02/25/2012 - 12:16pm

PBS NewsHour has posted a piece by Dr. Howard Markel, pediatrician, substance abuse expert, and medical historian.  Markel examines the accuracy of the health themes in this year's Oscar-nominated films.  Here is his analysis of THE DESCENDANTS.

02/25/2012 - 5:13am

And the wolf shall dwell with the lamb and the leopard shall lie down with the kid, and the
 calf and the young lion and the yearling together and a little child shall lead them.”  
Isaiah 11:6

“The total amount of suffering per year in the natural world is beyond all decent contemplation. During the 
minute that it takes me to compose this sentence, thousands of animals are being eaten alive, others are 
running for their lives, whimpering with fear, others are being slowly devoured from within by rasping 
parasites, thousands of all kinds are dying of starvation, thirst and disease. It must be so.” 
Richard Dawkins
 River Out of Eden (1995)...

02/25/2012 - 4:19am
David Pearce is an independent researcher and vegan animal activist based in Brighton UK. In 1995, he wrote an online manifesto, The Hedonistic Imperative, advocating the use of biotechnology to abolish suffering throughout the living world.
02/25/2012 - 3:49am
The Toxoplasmosis Gondii parasite enters the brain and alters behavior.
02/25/2012 - 3:37am

Eating Wheaties for breakfast? Keeping Fluffy’s litter box clean? Gulping down cholesterol-lowering medication? If you think these activities are healthy, sorry… reports suggest all these habits contain the potential to poison your brain.

In an earlier essay I listed “83 ways to stupefy the brain.”  Unfortunately, four additional toxicities need to be added. If you’re serious about performing at peak cognitive proficiency, read the evidence below, and adjust your lifestyle accordingly....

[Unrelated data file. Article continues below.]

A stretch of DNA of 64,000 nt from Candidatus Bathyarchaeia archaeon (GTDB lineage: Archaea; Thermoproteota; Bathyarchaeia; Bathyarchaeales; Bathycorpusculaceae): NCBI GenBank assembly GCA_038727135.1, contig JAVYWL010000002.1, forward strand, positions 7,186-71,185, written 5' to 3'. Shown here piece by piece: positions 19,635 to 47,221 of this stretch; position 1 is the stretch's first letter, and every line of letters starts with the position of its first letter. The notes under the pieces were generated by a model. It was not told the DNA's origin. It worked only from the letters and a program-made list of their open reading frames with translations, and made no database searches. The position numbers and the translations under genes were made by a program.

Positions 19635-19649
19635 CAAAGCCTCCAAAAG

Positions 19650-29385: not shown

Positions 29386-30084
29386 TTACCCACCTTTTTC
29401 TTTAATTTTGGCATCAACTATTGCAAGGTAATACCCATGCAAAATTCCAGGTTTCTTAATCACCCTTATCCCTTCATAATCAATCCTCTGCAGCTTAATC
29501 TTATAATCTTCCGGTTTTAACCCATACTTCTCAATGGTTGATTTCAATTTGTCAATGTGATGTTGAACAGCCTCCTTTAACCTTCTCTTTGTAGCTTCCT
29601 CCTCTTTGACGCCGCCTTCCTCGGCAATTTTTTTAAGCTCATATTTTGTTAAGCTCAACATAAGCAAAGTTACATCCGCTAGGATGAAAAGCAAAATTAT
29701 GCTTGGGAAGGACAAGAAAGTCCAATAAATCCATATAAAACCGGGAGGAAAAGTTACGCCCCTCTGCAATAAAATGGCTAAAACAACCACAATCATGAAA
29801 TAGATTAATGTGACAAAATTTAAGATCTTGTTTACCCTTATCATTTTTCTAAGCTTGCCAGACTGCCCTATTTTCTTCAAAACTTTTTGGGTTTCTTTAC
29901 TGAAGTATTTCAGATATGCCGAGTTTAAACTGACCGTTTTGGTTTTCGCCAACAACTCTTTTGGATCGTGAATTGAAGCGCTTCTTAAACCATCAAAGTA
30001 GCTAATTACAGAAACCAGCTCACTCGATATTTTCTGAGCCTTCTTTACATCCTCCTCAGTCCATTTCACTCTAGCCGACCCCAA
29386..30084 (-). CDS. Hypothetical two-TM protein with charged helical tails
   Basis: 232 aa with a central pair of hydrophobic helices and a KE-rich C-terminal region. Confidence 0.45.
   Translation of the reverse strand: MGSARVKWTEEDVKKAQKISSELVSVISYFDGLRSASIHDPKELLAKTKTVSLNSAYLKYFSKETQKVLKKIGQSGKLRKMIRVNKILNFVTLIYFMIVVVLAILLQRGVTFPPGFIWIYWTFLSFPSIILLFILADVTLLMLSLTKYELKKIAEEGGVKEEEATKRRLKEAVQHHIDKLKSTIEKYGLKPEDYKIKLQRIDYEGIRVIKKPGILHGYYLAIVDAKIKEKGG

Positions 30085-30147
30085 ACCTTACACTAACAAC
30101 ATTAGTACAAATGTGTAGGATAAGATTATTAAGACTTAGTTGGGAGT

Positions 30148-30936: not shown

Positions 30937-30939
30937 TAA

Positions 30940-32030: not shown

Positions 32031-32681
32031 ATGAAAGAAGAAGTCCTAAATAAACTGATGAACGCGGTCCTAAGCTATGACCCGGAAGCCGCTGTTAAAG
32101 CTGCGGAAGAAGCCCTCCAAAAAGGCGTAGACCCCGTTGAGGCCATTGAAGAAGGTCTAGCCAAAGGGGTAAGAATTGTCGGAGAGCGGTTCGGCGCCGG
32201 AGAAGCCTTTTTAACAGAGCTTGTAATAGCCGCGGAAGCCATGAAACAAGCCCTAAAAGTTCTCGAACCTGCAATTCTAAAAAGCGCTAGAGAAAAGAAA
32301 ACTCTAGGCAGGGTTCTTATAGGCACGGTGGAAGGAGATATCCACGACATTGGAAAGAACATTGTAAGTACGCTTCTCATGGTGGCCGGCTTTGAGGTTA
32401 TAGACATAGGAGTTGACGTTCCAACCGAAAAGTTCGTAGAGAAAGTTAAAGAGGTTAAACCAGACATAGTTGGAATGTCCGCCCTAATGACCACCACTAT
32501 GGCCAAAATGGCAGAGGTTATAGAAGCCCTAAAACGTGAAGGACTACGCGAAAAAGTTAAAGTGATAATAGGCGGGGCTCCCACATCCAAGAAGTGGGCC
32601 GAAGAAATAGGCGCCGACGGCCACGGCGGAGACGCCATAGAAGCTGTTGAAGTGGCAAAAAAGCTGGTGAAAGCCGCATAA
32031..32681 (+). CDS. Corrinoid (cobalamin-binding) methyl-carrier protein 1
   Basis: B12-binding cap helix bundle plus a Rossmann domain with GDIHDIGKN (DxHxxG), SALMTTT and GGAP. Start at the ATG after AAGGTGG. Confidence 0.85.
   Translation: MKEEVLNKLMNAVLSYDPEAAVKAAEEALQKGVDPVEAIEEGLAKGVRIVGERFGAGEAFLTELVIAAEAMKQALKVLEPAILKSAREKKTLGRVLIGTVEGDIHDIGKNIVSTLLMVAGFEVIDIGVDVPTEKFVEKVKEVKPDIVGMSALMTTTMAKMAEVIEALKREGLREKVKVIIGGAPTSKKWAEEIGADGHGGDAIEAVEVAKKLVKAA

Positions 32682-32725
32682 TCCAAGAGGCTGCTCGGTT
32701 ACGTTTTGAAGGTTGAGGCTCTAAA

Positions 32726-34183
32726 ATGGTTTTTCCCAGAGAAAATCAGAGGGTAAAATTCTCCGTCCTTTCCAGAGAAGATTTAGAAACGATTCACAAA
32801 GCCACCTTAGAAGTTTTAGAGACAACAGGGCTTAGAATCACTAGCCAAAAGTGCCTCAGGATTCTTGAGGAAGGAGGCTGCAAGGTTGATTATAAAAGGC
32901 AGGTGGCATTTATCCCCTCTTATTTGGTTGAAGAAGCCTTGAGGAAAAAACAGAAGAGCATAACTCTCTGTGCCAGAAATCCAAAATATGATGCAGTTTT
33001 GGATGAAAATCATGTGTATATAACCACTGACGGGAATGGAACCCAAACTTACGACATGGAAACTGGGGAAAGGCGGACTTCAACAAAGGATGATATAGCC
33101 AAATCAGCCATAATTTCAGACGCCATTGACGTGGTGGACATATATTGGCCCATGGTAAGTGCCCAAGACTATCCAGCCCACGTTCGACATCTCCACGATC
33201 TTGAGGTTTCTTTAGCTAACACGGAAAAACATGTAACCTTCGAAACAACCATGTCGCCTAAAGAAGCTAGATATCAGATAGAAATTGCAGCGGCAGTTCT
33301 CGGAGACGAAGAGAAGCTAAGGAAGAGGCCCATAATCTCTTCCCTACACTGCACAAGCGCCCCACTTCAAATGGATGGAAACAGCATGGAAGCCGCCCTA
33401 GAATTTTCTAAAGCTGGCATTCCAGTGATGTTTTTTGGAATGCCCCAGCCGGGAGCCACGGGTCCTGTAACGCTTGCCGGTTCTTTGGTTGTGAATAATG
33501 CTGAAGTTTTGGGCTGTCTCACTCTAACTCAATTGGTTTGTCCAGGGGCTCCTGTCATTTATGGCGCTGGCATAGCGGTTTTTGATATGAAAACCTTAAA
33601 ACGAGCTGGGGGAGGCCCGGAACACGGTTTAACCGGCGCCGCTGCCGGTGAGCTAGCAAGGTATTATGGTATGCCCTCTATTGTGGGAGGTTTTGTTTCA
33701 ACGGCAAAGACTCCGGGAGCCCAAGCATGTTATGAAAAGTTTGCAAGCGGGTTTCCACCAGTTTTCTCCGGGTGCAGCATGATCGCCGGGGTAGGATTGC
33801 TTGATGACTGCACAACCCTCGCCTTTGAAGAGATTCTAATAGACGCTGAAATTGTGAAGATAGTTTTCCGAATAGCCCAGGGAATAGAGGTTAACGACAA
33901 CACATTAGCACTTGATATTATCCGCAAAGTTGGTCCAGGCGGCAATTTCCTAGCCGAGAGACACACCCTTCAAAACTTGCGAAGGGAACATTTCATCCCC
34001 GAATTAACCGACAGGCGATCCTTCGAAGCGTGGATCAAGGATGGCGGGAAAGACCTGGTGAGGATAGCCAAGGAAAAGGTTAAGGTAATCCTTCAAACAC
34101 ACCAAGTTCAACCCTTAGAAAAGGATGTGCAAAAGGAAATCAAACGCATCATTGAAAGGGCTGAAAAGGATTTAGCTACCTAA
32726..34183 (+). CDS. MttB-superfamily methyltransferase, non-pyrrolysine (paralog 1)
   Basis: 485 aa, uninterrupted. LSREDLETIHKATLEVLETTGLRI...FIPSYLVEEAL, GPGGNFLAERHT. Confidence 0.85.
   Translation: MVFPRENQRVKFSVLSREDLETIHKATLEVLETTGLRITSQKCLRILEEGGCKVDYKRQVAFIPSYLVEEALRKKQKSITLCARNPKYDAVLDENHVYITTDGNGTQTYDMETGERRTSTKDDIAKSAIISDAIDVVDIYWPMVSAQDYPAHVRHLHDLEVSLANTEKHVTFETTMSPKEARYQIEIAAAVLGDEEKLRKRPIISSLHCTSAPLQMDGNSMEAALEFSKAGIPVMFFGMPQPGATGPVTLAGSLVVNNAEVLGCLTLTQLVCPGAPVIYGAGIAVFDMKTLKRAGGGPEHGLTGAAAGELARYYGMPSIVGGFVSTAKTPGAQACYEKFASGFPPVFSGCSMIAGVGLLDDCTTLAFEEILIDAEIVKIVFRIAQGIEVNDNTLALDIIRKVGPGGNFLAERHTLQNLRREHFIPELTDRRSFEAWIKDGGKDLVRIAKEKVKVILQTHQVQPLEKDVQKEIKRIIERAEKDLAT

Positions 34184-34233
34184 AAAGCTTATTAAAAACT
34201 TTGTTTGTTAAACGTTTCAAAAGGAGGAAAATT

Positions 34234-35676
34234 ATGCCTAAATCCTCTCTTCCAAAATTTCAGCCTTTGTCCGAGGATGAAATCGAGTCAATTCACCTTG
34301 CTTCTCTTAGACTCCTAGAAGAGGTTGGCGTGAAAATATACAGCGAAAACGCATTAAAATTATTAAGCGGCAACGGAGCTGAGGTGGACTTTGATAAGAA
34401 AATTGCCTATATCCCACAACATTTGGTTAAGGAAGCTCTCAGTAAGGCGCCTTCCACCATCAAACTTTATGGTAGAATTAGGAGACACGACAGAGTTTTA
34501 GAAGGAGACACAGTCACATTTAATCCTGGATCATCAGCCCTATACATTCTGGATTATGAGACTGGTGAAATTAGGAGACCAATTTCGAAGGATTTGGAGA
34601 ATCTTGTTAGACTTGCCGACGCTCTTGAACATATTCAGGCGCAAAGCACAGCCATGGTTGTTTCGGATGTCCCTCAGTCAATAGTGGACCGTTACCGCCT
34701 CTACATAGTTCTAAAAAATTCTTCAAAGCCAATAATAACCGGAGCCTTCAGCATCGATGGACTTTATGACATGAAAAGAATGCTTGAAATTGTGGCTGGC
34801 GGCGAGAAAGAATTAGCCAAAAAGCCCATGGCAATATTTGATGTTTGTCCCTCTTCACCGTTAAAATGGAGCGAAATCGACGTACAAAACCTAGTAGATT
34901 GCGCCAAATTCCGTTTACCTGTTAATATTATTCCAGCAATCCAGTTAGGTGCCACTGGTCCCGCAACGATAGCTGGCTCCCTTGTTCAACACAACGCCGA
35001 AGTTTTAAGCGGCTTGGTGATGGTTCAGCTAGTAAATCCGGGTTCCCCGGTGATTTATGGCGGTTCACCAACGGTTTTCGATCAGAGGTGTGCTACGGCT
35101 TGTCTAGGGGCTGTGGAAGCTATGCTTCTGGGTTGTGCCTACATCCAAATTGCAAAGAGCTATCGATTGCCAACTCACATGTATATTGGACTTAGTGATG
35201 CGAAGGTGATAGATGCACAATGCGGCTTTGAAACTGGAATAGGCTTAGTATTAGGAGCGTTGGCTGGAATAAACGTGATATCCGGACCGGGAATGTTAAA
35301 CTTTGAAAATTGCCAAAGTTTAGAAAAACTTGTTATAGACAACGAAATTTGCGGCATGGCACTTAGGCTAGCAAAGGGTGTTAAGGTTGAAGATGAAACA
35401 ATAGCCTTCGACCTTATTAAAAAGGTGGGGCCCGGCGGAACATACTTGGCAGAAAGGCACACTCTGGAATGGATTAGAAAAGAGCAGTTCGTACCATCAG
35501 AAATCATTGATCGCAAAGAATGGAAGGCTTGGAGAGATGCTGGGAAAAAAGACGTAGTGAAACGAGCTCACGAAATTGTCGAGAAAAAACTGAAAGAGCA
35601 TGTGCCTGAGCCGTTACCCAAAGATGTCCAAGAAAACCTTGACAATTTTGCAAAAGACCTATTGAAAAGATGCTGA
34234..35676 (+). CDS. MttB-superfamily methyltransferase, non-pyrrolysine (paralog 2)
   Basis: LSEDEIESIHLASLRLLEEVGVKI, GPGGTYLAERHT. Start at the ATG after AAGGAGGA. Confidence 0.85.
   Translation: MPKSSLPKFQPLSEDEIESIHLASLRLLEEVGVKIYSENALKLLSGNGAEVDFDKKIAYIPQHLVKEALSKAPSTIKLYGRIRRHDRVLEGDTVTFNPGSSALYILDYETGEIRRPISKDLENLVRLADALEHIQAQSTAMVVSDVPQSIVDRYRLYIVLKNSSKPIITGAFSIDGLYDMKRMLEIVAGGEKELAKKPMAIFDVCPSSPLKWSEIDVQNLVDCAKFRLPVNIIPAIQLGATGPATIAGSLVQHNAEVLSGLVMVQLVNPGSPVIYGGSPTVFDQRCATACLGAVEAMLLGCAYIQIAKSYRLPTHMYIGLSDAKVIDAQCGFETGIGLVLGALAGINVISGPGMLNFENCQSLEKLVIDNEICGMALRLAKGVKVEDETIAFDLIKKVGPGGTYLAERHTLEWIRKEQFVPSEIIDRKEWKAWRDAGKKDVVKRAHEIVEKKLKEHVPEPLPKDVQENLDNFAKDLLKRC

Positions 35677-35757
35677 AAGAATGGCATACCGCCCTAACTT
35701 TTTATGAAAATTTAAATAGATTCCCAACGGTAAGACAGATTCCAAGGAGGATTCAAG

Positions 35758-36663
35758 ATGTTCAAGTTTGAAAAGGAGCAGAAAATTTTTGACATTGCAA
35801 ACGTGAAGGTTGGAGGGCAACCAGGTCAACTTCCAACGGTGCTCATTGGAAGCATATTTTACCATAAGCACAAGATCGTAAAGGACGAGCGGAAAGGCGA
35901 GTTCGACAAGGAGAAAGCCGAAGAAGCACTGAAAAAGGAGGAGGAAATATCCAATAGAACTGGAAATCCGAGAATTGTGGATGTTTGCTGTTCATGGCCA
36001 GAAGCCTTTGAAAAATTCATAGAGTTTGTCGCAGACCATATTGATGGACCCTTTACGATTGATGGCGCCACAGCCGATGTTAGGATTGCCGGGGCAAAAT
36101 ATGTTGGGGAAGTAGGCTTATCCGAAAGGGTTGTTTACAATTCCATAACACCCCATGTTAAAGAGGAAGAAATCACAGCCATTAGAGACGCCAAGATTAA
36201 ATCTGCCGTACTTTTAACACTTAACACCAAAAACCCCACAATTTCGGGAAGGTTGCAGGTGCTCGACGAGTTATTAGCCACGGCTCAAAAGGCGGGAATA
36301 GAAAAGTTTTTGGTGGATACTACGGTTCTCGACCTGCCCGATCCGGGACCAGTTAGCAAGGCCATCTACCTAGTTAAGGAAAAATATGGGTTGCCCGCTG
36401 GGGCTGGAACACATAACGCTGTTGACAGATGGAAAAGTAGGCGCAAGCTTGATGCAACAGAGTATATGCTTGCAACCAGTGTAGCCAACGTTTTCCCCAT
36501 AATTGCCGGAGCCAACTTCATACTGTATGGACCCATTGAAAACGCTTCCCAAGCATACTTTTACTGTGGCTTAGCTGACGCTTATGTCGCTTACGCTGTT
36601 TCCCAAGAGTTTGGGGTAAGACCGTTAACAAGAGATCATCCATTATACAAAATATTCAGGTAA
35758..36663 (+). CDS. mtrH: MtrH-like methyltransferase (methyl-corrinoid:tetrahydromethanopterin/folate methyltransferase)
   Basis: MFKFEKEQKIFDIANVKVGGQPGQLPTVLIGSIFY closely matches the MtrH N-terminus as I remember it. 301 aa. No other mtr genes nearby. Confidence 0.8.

02/24/2012 - 3:26pm

This is a masculine story punctuated with love of a child, work, and sports. Adapted from the 2003 book by Michael Louis, Steven  Zaillian and Aaron Sorkin wrote a script which highlights Ben Miller's delicate directorial touch.  Talk about your mixed genres, this is sports movie that is also a chick flick date movie and it's a drama. Brad Pitt's performance in Moneyball is one of reflected inner conflict, much like the struggle of the city of Oakland where the story is set. A bioethicist, notoriously without interest in professional sports, this story ”had me" at the point where less than stellar  players were intentionally recruited for the Oakland Athletics.   Some of us recall being in 5th grade; the last picked.  Who knew that a slow runner, lousy catcher and horrid pitcher could bat the daylights out of a ball?  The bioethical message of this film is that equality is not sameness. Diverse players can be treated as equally valuable despite their different skills. This is not really a story adverse to commodification of professional sport players.  Instead, it underscores how to interpret the value of a player within the game.

In bioethics, culture can be either the greatest friend of beneficence (what we ought to do with knowledge) or its enemy supporting static influences.  For the purposes of this discussion culture is: how a group defines itself. Cultural evolution is imperative to cultural survival. Cultures, which do not change, die. Moneyball first defines baseball culture, sets up a device for change and demonstrates the evolution of the culture....